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This Year's Oscars Nominees, Heard On NPR

Mar 3, 2018
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MICHEL MARTIN, HOST:

Just a few more words about the Academy Awards tomorrow night. Looking over archives, as one does, we realize that we have actually spoken with a number of people who may be taking home a statue tomorrow night.

(SOUNDBITE OF FILM, "GET OUT")

LAKEITH STANFIELD: (As Andre/Logan King) Get out.

DANIEL KALUUYA: (As Chris Washington) Sorry, man.

STANFIELD: (As Andre/Logan King) Get out.

KALUUYA: (As Chris Washington) Yo.

MARTIN: That's from "Get Out." I spoke with filmmaker Jordan Peele. He's nominated for three Academy Awards - best director, best picture and best original screenplay for the film, which some called the wokest thriller of 2017.

(SOUNDBITE OF ACHIVED BROADCAST)

JORDAN PEELE: I wanted to represent the fact that what many people may not understand is the fear that a black man has walking in a white suburb at night. It is real. And I wanted to put the audience in that position so they could see it and feel it.

(SOUNDBITE OF SONG, "MIGHTY RIVER")

MARY J BLIGE: (Singing) Life is a teacher...

MARTIN: For "Mudbound," we spoke with singer Mary J. Blige, who wowed critics with her transformation into the matriarch of a sharecropping family.

(SOUNDBITE OF ARCHIVED BROADCAST)

BLIGE: I had to take away these things, you know, like wigs and weaves and lashes and nails. And these are little things I was hanging onto and that made me be like, wait a minute. Are you really, really deep or not? (Laughter) It just really opened me up, and it freed me.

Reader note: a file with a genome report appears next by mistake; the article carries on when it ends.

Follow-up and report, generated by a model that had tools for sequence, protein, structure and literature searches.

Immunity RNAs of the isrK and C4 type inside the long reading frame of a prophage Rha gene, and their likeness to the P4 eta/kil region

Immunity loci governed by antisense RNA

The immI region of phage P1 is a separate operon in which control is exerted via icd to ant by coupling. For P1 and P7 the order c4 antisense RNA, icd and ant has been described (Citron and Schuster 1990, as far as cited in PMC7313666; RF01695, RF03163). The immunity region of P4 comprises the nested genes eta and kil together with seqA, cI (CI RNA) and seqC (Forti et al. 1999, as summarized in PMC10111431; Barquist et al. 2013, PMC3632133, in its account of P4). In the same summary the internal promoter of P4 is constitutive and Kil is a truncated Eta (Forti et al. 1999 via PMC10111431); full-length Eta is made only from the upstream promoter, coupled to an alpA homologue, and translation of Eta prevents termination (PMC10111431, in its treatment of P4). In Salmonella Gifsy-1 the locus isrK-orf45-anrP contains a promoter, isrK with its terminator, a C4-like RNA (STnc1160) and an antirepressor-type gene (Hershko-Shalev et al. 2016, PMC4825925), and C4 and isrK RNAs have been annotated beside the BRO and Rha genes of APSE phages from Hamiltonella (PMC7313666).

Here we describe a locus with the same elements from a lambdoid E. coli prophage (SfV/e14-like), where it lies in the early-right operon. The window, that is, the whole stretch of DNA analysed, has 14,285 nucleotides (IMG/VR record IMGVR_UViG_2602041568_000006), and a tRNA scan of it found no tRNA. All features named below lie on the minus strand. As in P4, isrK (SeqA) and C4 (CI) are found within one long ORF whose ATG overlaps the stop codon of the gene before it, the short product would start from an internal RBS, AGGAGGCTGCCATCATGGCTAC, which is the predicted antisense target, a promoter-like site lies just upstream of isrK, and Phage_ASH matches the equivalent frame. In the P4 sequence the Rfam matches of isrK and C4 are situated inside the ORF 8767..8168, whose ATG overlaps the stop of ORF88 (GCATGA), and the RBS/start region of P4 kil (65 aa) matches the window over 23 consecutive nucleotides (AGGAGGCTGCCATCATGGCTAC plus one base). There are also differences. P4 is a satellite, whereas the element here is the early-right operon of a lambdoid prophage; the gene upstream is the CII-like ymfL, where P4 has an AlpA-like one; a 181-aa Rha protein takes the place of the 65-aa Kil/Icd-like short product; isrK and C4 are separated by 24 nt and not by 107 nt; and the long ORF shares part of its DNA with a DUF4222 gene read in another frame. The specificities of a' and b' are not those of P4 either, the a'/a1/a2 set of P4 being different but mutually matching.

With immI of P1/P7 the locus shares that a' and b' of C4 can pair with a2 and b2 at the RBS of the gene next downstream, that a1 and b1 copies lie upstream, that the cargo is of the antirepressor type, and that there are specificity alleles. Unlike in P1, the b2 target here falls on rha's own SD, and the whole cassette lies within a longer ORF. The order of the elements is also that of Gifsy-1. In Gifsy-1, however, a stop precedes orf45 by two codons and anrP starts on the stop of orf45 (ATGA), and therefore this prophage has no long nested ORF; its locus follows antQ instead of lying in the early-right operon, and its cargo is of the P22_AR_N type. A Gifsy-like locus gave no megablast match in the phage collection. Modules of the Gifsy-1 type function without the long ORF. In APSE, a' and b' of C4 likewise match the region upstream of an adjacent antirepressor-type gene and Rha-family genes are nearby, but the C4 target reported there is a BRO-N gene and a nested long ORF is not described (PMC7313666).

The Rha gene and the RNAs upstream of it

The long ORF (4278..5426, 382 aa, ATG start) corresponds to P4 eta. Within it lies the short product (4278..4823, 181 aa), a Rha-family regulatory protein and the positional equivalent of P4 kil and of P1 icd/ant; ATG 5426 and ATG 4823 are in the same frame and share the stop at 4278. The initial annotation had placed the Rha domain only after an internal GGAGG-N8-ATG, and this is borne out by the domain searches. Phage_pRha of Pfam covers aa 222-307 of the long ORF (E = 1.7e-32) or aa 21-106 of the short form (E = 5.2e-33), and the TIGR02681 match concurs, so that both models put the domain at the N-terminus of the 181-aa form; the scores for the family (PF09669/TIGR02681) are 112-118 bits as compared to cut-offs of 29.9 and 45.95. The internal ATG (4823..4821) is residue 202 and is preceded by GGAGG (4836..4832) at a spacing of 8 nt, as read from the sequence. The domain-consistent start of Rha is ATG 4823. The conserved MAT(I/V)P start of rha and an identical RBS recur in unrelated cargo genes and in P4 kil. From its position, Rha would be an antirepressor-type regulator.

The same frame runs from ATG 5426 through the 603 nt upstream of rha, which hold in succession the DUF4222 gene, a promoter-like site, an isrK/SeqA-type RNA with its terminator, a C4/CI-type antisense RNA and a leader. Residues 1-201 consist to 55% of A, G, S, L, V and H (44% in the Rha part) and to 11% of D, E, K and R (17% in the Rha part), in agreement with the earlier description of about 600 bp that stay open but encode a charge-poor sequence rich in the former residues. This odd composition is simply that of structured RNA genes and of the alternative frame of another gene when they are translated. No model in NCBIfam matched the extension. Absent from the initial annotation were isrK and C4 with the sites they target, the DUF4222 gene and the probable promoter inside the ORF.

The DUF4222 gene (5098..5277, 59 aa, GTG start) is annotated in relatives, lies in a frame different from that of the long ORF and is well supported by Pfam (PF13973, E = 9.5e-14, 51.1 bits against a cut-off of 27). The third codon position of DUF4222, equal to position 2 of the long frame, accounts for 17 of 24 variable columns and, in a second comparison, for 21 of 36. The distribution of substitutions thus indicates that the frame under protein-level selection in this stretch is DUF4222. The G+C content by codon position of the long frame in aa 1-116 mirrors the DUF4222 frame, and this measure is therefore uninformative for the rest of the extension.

(SOUNDBITE OF SONG, "MIGHTY RIVER")

BLIGE: (Singing) Like a river...

MARTIN: She is up for best supporting actress and best original song. She's the first to be nominated in both categories for the same movie.

And speaking of female characters, the film "Molly's Game" is based on the life of Olympic skier-turned-poker queen Molly Bloom. Writer Aaron Sorkin chose her story to make his directing debut.

(SOUNDBITE OF ARCHIVED BROADCAST)

AARON SORKIN: What I discovered was that Molly is an honest to God, real-life movie heroine found in an unlikely place, that this was a morality tale.

MARTIN: Sorkin is nominated for best adapted screenplay for the film.

(SOUNDBITE OF ARCHIVED BROADCAST)

SORKIN: In the times that we're living in now, when you come face to face with decency, it's like a cool glass of water in the middle of a desert.

MARTIN: And finally, tomorrow you'll hear my conversation with director Yance Ford about his film "Strong Island." It describes how the murder of his brother, for which no one was ever charged, affected him and his family. It's nominated for best documentary.

YANCE FORD: These shootings changed lives permanently. They create - in the black community, for example - a public health crisis.

MARTIN: Good luck to all the nominees.

(SOUNDBITE OF TUKUYA KURODA'S "EVERYBODY LOVES THE SUNSHINE") Transcript provided by NPR, Copyright NPR.